Agreement with investor leads to new board members at Actuant

Company expects tariffs to increase costs $5 million annually

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Menomonee Falls-based Actuant Corp. announced three new board members Wednesday, including two as part of an agreement with one of the company’s largest shareholders.

Tennessee-based Southeastern Asset Management, which holds about 9.8 percent of Actuant’s common stock, updated its filings with the Securities and Exchange Commission in February to allow for “more direct conversations with the company about its board and governance.”

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“Southeastern is supportive of the course CEO Randy Baker and Actuant’s executive team are pursuing, and we feel this filing change will allow us to work collaboratively with management and the board to evaluate the board and identify the best possible directors and governance practices to support the long-term business plan,” the filing said.

Baker became Actuant’s president and chief executive officer of Actuant in March 2016. The company provides hydraulic tools and solutions for a number of industries including energy and industrial. Baker has sought to emphasize investments in more profitable portions of the business.

On Wednesday, Actuant announced it had reached an agreement with Southeastern to put two new directors on the board in exchange for Southeastern not calling a special meeting of stockholders until after the company’s 2019 annual meeting.

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Southeastern also agreed to not nominate its own directors, submit its own proposals or campaign for shareholders to vote a certain way if another entity called a special meeting.

Baker said the agreement was the result of “very constructive dialogue” with Southeastern over the last month. Southeastern did not immediately respond to requests for comment.

The two new directors include J. Palmer Clarkson and Sidney Simmons.

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Clarkson is the founder, president and CEO of Bridgestone HosePower LLC, the largest U.S. based service provider of hydraulic and industrial hoses used in construction machinery, mining, oil field equipment and general industrial applications.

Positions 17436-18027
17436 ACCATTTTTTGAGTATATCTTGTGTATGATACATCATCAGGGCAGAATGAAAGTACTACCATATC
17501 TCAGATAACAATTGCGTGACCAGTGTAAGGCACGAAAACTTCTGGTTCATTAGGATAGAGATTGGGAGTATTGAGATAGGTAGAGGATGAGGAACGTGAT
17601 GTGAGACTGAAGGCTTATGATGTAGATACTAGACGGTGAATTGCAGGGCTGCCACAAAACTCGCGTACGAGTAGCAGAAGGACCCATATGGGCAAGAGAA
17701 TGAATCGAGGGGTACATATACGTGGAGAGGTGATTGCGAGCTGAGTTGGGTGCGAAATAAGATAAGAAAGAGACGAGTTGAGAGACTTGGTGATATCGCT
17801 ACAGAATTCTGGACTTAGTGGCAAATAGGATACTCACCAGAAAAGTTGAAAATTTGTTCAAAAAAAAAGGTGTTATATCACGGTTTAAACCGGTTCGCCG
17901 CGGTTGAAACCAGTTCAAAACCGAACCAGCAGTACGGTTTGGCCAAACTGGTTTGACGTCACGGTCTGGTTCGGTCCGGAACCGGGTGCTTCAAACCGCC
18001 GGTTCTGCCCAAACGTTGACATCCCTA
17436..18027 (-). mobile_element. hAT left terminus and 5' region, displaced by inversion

Simmons is a corporate attorney focusing on business development, mergers and acquisitions and capital restructuring as part of an independent practice.

As part of its routing succession and governance planning, Actuant also named Alfredo Altavilla to the board. Altavilla is chief operating officer of Europe, Africa and the Middle East and head of business development for Fiat Chrysler Automobiles.

The three directors leaving the board are Gurminder Bedi, R. Alan Hunter Jr. and Dennis Williams. The three had been directors since 2008, 2007 and 2006 respectively.

The company also reported second quarter results, including a 6.3 percent increase in revenue to $275.2 million. Net income, however, declined to an $18.2 million loss from a $5.1 million profit last year. The results included an $8.4 million charge related to tax reform.

Adjusted earnings, which in addition to tax reform included divestiture and restructuring charges, improved from $6.6 million to $7.7 million.

“Many of the core base businesses are seeing good profit traction,” Baker said. “However we are disappointed in the number and scale of operational, mix and other issues that are largely offsetting these improvements. We continue to diligently pursue the restructuring and portfolio management actions that are anticipated to simplify and improve the fundamental operating performance of Actuant.”

The company also estimated it could see a $5 million increase in costs annually from the steel and aluminum tariffs recently introduced by President Donald Trump. Rick Dillion, Actuant chief financial officer, emphasized that was a worst-case scenario estimate and the company believes it will be able to pass costs on to customers.

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